New ERN Poll Finds Voters Want Changes to Ensure Elections Are Run Impartially
Polling shows strong support for rules requiring that chief election officials are qualified and free from close party ties.
More than four in five voters, including large majorities of Democrats, Republicans, and independents, say it’s very important that election officials act impartially, according to a new nationwide survey commissioned by Election Reformers Network (ERN) and released Tuesday.
The poll, which surveyed 1,498 likely voters, also found high levels of support from across the political spectrum for new rules that could significantly reduce fears of election subversion.
Taken as a whole, the findings suggest that voters:
Place significant value on having election officials act impartially;
Aren’t satisfied with the level of impartiality that currently exists;
Want election officials to meet minimum qualifications before taking office;
Support new rules limiting partisan activities by election officials.
The findings come at a time of widespread concern about partisan ideologues gaining power over, and potentially subverting, state election systems. Swing states Arizona, Nevada, Michigan, Florida, and Pennsylvania, as well as several other states, are at risk of having secretaries of state who deny the results of the 2020 presidential election. In addition, recent polls have found high levels of distrust in elections, and threats and intimidation against election professionals have been rising dangerously.
“In these hyper-partisan times, letting politicians run our elections does enormous damage to voter trust, and could even put fair results at risk,” said Kevin Johnson, ERN’s Executive Director. “These findings make clear that states can rebuild that trust by increasing impartiality and professionalism in election administration.”
Like other surveys conducted since the 2020 election, the ERN poll found stark disagreement along ideological lines about U.S. elections. For example, more than two-thirds of very liberal respondents are very confident elections are conducted fairly, a view shared by only 16% of very conservative voters. But on the importance of impartial election management, ERN found remarkably strong and broad agreement: 82% of very liberal voters, and an identical 82% of very conservative voters, said it’s very important that election officials act impartially. (The survey defined election officials as the chief administrators at state and county levels, which in most states are the secretary of state and county clerk.)
Similarly, 83% of very liberal voters and 88% of very conservative voters said it’s very important that election officials show fairness to all candidates, regardless of party. And large majorities of Democrats, Republicans, and independents all said it’s difficult to trust the impartiality of election officials who are elected with the support of a party.
“The truth is, most election officials in our country are fair, honest, and diligent,” said Heather Balas, ERN’s Vice President of Programs. “But the structure through which they are selected opens the door for doubt by voters.”
The survey found strong support for tougher rules to ensure impartiality and competence. Clear majorities said election officials should not be allowed to raise money for other candidates, or oversee decisions that could impact their own re-election. A large plurality said they shouldn’t be allowed to endorse or oppose candidates for other offices. And more than 70% said election officials should be required to have some experience running elections.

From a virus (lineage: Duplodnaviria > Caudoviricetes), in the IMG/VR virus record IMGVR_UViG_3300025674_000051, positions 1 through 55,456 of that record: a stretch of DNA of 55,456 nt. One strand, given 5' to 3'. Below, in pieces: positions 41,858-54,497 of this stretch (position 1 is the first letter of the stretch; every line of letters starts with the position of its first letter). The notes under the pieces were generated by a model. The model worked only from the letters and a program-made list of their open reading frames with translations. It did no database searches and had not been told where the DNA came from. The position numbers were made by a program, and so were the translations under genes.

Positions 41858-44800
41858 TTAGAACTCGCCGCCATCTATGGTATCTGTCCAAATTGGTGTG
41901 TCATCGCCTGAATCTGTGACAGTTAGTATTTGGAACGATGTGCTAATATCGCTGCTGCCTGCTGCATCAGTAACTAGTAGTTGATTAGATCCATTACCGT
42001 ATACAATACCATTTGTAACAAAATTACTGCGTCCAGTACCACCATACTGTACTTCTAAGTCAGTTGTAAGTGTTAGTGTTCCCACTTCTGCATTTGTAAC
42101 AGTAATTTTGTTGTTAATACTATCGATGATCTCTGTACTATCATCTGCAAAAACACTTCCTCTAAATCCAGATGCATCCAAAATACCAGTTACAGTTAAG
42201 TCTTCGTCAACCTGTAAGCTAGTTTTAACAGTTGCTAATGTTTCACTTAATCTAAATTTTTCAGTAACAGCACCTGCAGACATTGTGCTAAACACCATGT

“Voters support changes to ensure that election officials are qualified and impartial, allowing for fair, secure, and accessible elections,” said Balas. “We need states to pass statutory reforms that protect ethical election officials from being peppered with requests to endorse or fundraise for other candidates. Those same reforms would protect voters from bad actors who might not adhere to the historic norms of impartiality in the field.”
Currently, every state chooses its chief election official through a partisan process. Few states meaningfully restrict partisan activities in office by election officials, including secretaries of state and county clerks. Nor do states require candidates for these offices to meet minimum qualifications, such as experience administering elections.
Model ethics legislation prepared by ERN and the Campaign Legal Center would bar candidates from taking common partisan steps that make them appear more beholden to their party than to voters. And ERN’s model qualifications legislation would ensure that candidates for state chief election officer have relevant experience — a requirement that would have kept almost all of this cycle’s election-denier secretary-of-state candidates from running.
“While voters are intensely divided about whether past elections were conducted fairly and accurately, they are united in their desire for impartiality by election officials,” said Johnson. “The state legislative solutions we recommend build on this common ground, bring the U.S. closer to international democratic norms, and lower the temperature around election administration. Together, we can strengthen voter trust.”
About the poll:
This national survey was conducted on behalf of ERN by the independent firm, Research & Polling, Inc. The online poll was completed by a weighted sample of 1,498 highly likely voters between August 6-15, 2022. Additional method details are presented in the survey summary report.
Election Reformers Network (ERN) is a nonpartisan, nonprofit, public policy organization founded in 2017 by election experts with extensive experience in the United States and overseas. ERN creates and advances reforms that secure elections against partisan manipulation and bolster voter trust.